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HomeIssue 7Traditional Owner patrol of CBD is 'history in the making'

Traditional Owner patrol of CBD is ‘history in the making’


A delighted Phillip Alice has announced on his Facebook page that the Traditional Owner foot patrol, which he calls the “Arrente patrol” will start this Monday – “history in the making”.

The patrol, backed by the Town Council with 10 jobs and funding of $230,000, comes more than three and half years after Mr Alice and other senior Arrernte men (pictured above, Mr Alice in the checked shirt) expressed their desire to to step up “to do something about all these young people who are causing problem in Arrernte ground”.

From there, after meetings over months with Councillors Eli Melky and Catherine Satour, Mr Alice, a former community police officer, made a presentation at a November 2017 council meeting, offering to “become part of the solution”.

At the time the offer seemed to fall on deaf ears. Cr Satour’s motion to accept it and “build a formal and strong relationship” with them, was whittled down to inviting them for discussion.

She commented on what happened next – not pretty – during the community safety debate at this week’s meeting.

Now, however, it seems it is an idea whose time has come, with a soft launch this coming Monday.

“All Arrente people happy,” says Mr Alice’s post.

Cr Satour said recruitment to the patrol team has been a council operational matter – she has not been involved – but she expressed her pleasure that after three years of hard work, “at times at great personal expense and overcoming obstacles and objections”, that council is working alongside Traditional Owners towards “solutions of community safety”.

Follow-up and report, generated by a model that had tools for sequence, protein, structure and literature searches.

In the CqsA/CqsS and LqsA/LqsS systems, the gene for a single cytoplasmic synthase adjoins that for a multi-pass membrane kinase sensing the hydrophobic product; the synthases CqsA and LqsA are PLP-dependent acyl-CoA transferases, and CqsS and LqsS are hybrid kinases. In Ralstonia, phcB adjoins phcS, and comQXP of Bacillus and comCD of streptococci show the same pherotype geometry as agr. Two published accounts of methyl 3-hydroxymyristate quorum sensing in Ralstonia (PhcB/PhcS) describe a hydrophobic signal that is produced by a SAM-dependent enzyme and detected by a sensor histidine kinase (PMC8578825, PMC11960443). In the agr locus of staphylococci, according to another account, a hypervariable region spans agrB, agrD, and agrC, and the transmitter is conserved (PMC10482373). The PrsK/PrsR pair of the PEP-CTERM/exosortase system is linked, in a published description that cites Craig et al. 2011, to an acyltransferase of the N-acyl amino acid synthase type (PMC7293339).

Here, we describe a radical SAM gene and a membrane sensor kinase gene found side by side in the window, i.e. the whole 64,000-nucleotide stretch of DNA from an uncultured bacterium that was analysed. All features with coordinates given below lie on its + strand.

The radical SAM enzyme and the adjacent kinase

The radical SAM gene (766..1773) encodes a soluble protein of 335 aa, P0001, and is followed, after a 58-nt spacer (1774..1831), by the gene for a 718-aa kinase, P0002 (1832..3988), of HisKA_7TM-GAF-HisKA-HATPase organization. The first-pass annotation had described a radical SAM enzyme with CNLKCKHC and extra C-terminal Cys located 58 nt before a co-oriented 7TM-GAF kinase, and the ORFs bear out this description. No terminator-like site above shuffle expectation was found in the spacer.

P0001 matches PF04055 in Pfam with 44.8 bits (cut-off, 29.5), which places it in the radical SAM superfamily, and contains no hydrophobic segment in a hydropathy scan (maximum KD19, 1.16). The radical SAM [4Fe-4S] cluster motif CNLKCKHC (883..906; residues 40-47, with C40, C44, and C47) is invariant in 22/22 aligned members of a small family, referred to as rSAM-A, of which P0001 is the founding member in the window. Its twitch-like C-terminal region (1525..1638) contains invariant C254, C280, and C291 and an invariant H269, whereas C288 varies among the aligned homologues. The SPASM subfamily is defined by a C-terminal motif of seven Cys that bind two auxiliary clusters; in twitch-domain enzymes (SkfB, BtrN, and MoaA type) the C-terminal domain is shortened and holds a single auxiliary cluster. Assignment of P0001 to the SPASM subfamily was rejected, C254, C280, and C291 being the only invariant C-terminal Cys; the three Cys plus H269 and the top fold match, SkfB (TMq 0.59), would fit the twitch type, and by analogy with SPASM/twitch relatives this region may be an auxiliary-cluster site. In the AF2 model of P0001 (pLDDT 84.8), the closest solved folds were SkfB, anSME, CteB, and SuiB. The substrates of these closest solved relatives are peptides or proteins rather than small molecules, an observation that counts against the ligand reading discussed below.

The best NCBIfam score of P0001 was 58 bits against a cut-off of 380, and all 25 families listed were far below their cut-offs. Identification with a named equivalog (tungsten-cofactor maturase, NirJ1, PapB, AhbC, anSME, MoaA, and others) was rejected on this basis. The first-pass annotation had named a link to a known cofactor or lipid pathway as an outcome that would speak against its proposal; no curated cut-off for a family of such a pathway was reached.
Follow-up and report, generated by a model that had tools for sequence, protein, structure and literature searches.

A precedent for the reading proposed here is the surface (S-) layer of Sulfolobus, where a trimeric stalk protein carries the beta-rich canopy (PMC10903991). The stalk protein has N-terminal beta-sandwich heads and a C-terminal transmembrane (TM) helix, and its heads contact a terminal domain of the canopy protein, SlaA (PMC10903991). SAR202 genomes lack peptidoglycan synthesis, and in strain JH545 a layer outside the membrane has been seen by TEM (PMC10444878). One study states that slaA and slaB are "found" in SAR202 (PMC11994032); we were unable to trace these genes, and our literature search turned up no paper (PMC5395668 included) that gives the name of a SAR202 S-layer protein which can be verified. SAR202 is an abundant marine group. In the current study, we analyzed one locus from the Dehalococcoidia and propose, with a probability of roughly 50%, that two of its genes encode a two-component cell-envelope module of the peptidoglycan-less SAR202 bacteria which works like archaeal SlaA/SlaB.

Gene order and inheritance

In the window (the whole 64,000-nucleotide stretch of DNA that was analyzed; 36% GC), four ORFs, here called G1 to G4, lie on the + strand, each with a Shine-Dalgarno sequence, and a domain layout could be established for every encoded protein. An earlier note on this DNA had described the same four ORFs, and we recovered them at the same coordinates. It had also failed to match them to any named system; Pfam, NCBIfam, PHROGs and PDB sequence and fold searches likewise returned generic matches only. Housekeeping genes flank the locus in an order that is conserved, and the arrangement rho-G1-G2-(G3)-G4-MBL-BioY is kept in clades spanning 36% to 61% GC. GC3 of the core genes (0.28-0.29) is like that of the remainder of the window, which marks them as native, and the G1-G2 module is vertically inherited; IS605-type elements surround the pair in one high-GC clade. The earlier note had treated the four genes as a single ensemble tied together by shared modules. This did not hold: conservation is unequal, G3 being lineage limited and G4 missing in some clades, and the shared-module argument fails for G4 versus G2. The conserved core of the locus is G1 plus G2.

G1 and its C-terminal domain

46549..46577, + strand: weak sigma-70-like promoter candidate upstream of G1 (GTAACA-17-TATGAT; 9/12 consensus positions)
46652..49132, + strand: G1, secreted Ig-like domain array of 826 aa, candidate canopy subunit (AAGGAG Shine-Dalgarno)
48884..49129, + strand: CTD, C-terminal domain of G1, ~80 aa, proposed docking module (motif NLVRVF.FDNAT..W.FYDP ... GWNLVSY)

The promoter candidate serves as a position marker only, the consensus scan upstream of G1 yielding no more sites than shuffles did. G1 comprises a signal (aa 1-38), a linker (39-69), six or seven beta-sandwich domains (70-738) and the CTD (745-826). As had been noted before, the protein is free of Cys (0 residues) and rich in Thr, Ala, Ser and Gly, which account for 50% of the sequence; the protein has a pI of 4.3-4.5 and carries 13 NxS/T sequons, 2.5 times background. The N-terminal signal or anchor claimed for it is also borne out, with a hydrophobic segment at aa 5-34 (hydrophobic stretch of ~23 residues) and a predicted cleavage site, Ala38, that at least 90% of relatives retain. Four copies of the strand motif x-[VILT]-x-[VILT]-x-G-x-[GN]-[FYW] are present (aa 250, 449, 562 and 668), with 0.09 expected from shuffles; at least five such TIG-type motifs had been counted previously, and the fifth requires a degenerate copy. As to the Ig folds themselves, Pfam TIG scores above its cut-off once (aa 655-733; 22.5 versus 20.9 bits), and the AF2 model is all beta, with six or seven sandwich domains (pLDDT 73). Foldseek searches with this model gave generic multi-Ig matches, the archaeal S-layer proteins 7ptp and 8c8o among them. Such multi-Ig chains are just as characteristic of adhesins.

“This is only the beginning,” she says.

Council’s media officer confirmed the beginning of the pilot patrol with Mr Alice as its leader. It will be a “process of walking the streets of the CBD and engaging with community members”.

Initially, it will involve day shifts “to aid patrollers in information gathering”. Presumably the plan is to move to including night shifts, which will be critical in the eyes of the community.

The patrol will be formally launched at a later date – the News understands end of April.


Photo at top, from our archives, July 2017: from left, Matthew Palmer, Phillip Alice, Jonathan Conway, Shane Lindner. 


  1. And delighted you should be Phillip Alice. Stay strong, stay safe, but above all, avoid the politics and maybe give consideration to a major role as an elected member on town council. You’ve got my vote.

  2. This is great news! So good to see our Arrernte people taking the initiative to find solutions to combat an issue that’s been affecting our town for a long period of time. A BIG thank you to Uncle Phillip Alice, Catherine Satour, other Alice Springs Town Council Members and other Arrernte leaders – we are so proud of you all. Blessings from Pastor Sherry Lowah Snr. – I AM House of Worship, Alice Springs.